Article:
Every year when winter weather starts to set in; the vegetable garden begins to fade, we are confined to our houses with little to no time spent digging in the dirt. There is often very little to do other than dream of the spring but you can make use of the extra time by spending it planning your garden. We spend our days dreaming of the winter wonderland melting back, spring flowers breaking through the ground as if to say good morning, the butterflies and bees pollinating flowers in the morning and of course the promise of bounty of fresh garden veggies for your table. Spring and Summer are my favorite times of the year because we can be outside making the most of each day. With that in the near future we are left to wonder what could have been and what our future gardens will bring. Planning your garden is one of the most important steps in having a successful garden.
As the days become weeks, weeks become months; we often times grow anxious about spring and we lack the patience to wait it winter out. This anxious feeling and my inability to be patient has led to many attempts of growing something like tomatoes or cucumbers for too long inside only for them to experience certain death.
As the days march on and the last frost day starts to become in sight a little more there are things to do inside to get ready for Spring. We can make the most of the dog days of winter and use the day dreaming to our advantage. We can plan our spring/summer garden inside where it is warm. In my last post we talked a little about accessing what worked, what did not from previous seasons and setting goals in order to continually get better at how you do things. Whether your goal is to grow more organically, or you want to grow more food vertically to make the best use of space or maybe you just want to grow more, you can have those goals in mind when planning your next garden.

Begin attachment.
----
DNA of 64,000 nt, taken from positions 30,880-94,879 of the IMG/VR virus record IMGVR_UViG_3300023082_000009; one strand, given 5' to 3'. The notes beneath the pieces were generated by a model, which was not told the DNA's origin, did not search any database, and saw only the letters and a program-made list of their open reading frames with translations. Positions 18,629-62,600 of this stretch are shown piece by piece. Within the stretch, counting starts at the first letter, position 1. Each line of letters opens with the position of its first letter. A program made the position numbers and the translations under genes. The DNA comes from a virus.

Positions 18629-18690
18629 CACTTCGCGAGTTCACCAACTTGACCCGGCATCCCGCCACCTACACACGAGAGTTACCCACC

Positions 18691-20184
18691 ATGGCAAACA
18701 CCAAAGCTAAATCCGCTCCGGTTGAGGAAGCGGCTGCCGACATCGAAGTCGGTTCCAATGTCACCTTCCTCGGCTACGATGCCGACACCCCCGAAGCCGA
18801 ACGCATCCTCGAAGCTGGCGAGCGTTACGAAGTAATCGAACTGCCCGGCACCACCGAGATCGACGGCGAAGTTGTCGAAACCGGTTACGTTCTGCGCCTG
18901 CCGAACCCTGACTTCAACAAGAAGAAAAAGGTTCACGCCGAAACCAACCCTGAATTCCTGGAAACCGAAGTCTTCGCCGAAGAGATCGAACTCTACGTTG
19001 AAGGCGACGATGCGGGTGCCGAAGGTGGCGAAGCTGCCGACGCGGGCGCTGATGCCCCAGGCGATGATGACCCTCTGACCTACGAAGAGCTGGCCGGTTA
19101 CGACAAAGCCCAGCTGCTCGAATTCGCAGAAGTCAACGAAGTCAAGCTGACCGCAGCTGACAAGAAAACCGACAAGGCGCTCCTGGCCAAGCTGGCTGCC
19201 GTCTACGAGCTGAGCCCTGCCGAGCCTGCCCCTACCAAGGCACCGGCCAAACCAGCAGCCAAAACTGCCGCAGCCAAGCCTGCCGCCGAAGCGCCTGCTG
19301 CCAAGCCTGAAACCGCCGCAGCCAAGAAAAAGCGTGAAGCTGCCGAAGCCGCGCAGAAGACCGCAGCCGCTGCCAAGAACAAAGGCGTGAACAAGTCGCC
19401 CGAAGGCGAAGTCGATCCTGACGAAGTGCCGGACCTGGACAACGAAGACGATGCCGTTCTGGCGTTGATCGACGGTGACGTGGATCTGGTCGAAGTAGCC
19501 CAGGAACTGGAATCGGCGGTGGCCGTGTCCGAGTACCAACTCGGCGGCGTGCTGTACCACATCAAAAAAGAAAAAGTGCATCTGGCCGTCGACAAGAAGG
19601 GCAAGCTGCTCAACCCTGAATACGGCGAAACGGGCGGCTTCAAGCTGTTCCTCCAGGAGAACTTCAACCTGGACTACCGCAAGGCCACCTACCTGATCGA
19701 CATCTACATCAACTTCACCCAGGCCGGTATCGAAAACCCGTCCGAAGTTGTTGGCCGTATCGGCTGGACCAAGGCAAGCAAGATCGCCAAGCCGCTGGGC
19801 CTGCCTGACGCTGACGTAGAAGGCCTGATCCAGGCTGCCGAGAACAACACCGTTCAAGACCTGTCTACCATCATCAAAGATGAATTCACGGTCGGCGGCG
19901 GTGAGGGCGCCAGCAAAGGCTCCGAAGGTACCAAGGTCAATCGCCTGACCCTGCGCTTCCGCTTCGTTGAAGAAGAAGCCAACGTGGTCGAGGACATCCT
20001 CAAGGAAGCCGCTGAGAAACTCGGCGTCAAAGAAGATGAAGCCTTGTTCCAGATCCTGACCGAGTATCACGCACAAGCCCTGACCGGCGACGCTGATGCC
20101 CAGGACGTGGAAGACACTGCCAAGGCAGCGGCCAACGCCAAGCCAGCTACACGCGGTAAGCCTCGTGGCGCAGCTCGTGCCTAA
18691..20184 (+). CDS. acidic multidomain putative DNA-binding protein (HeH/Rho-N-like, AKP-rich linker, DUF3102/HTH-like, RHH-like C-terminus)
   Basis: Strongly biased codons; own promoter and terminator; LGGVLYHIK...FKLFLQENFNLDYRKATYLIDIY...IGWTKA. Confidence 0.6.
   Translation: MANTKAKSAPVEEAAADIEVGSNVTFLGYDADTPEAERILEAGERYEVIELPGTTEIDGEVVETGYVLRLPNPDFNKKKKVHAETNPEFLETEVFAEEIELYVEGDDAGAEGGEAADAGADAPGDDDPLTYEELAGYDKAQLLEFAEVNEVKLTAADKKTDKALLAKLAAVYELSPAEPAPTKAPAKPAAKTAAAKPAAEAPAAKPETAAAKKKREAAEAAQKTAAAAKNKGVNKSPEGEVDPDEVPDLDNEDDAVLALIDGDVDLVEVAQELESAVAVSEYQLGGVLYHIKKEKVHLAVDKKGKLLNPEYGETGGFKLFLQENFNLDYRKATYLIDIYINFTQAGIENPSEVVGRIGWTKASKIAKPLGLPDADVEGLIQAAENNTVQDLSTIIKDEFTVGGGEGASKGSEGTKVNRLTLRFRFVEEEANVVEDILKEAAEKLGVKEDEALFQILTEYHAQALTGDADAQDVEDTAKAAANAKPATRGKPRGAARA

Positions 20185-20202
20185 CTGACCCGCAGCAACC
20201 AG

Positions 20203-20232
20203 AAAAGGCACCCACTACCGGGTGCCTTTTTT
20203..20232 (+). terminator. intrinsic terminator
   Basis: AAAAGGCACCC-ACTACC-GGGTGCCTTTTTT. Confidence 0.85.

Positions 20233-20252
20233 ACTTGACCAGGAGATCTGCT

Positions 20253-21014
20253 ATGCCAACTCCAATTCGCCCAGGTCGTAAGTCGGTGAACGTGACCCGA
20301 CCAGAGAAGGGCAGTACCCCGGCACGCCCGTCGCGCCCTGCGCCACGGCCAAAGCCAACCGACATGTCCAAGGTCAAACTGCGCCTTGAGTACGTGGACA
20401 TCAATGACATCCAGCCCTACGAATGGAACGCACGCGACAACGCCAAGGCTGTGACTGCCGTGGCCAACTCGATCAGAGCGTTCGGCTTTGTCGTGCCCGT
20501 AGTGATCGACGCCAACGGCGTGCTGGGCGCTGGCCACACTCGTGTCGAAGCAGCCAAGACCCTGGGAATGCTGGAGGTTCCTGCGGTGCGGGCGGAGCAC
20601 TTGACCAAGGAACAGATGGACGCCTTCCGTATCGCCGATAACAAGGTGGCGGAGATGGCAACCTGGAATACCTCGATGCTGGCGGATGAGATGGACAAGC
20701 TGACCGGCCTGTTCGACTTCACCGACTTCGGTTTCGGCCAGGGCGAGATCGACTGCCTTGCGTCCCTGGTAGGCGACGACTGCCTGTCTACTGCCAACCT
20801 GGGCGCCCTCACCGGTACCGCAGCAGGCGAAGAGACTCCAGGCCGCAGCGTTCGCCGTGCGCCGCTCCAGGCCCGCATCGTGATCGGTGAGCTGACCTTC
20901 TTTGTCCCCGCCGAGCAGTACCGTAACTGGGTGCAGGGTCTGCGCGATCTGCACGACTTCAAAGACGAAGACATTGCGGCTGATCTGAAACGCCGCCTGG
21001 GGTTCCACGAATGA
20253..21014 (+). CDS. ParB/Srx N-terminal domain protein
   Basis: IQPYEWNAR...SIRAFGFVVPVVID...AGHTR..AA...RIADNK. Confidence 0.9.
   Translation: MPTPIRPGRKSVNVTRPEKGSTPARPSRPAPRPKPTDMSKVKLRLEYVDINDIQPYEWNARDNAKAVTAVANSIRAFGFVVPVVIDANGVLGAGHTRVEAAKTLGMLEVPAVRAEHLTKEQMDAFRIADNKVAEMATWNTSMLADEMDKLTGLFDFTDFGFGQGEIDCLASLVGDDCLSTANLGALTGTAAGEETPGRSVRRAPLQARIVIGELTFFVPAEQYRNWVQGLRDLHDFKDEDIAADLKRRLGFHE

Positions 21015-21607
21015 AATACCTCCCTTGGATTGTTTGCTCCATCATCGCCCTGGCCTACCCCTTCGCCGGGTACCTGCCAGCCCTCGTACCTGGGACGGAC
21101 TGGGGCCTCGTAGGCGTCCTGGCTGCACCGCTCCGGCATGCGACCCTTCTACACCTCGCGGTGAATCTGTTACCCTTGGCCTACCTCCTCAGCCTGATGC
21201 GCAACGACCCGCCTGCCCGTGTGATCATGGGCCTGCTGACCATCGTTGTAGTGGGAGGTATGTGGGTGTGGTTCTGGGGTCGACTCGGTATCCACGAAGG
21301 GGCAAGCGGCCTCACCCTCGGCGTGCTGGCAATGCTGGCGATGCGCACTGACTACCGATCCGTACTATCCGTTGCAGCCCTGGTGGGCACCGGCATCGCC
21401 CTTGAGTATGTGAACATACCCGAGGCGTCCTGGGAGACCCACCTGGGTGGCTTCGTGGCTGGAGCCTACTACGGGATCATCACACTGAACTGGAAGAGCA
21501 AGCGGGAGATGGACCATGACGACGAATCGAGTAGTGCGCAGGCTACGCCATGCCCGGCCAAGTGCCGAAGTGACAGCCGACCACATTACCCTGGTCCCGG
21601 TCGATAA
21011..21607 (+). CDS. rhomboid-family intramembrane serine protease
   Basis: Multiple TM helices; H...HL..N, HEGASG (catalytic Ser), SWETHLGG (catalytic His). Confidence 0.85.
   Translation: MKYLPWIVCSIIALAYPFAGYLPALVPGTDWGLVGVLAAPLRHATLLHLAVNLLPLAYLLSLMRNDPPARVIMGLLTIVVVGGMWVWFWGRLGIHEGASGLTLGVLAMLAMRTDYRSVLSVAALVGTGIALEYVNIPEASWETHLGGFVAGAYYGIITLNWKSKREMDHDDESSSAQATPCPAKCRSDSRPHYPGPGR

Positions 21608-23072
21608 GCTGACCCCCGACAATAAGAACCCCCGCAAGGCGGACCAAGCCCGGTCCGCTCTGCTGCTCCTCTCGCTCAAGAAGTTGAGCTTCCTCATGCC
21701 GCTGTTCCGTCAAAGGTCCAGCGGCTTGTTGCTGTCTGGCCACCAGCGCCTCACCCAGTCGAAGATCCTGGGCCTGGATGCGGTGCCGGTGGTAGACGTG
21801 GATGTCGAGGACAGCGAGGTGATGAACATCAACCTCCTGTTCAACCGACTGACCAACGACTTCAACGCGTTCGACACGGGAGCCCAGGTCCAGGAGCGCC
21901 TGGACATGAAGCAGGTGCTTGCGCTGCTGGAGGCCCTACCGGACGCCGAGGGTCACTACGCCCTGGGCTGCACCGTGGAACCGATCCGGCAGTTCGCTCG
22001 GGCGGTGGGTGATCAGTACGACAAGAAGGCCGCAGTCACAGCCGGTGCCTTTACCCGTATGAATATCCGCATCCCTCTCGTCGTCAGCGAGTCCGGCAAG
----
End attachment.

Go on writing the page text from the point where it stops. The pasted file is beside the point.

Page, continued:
Now, that you have your goals we can get to work planning our garden. Whether you are a gardening professional or a rookie who is just starting out; putting together and executing a garden plan has the potential to make or break your gardening season. If you are just starting out be sure to check back in the coming weeks to follow along with our “First Garden Series”.
The first thing you need to think about is how you will grow your vegetables. There are many ways to grow your own food; in ground, raised beds, containers, hydroponics and indoor gardening. Below is an example of some raised beds.
Each of these growing methods have positives and negatives which we will look more in depth at a later time. Choosing one of these growing methods usually depends on several factors unique to your location. These things like where you live, the amount of sun your yard gets, what type of soil you have, the amount of space you have to devote to gardening and many other things can impact your decisions. For example, someone that lives in an apartment will have limited space and would have a much better chance to grow food if they used the container gardening method. I live in the city on a small lot that totals about 1/4 of an acre including the spot where the house sits. Because of this I chose to grow in raised garden beds to combat poor soil and the lack of growing space. If you are new to gardening I recommend you start small and move on from there. Click on the link below to check out part 2.
Or if you would like more information about Starting Seeds Indoors click below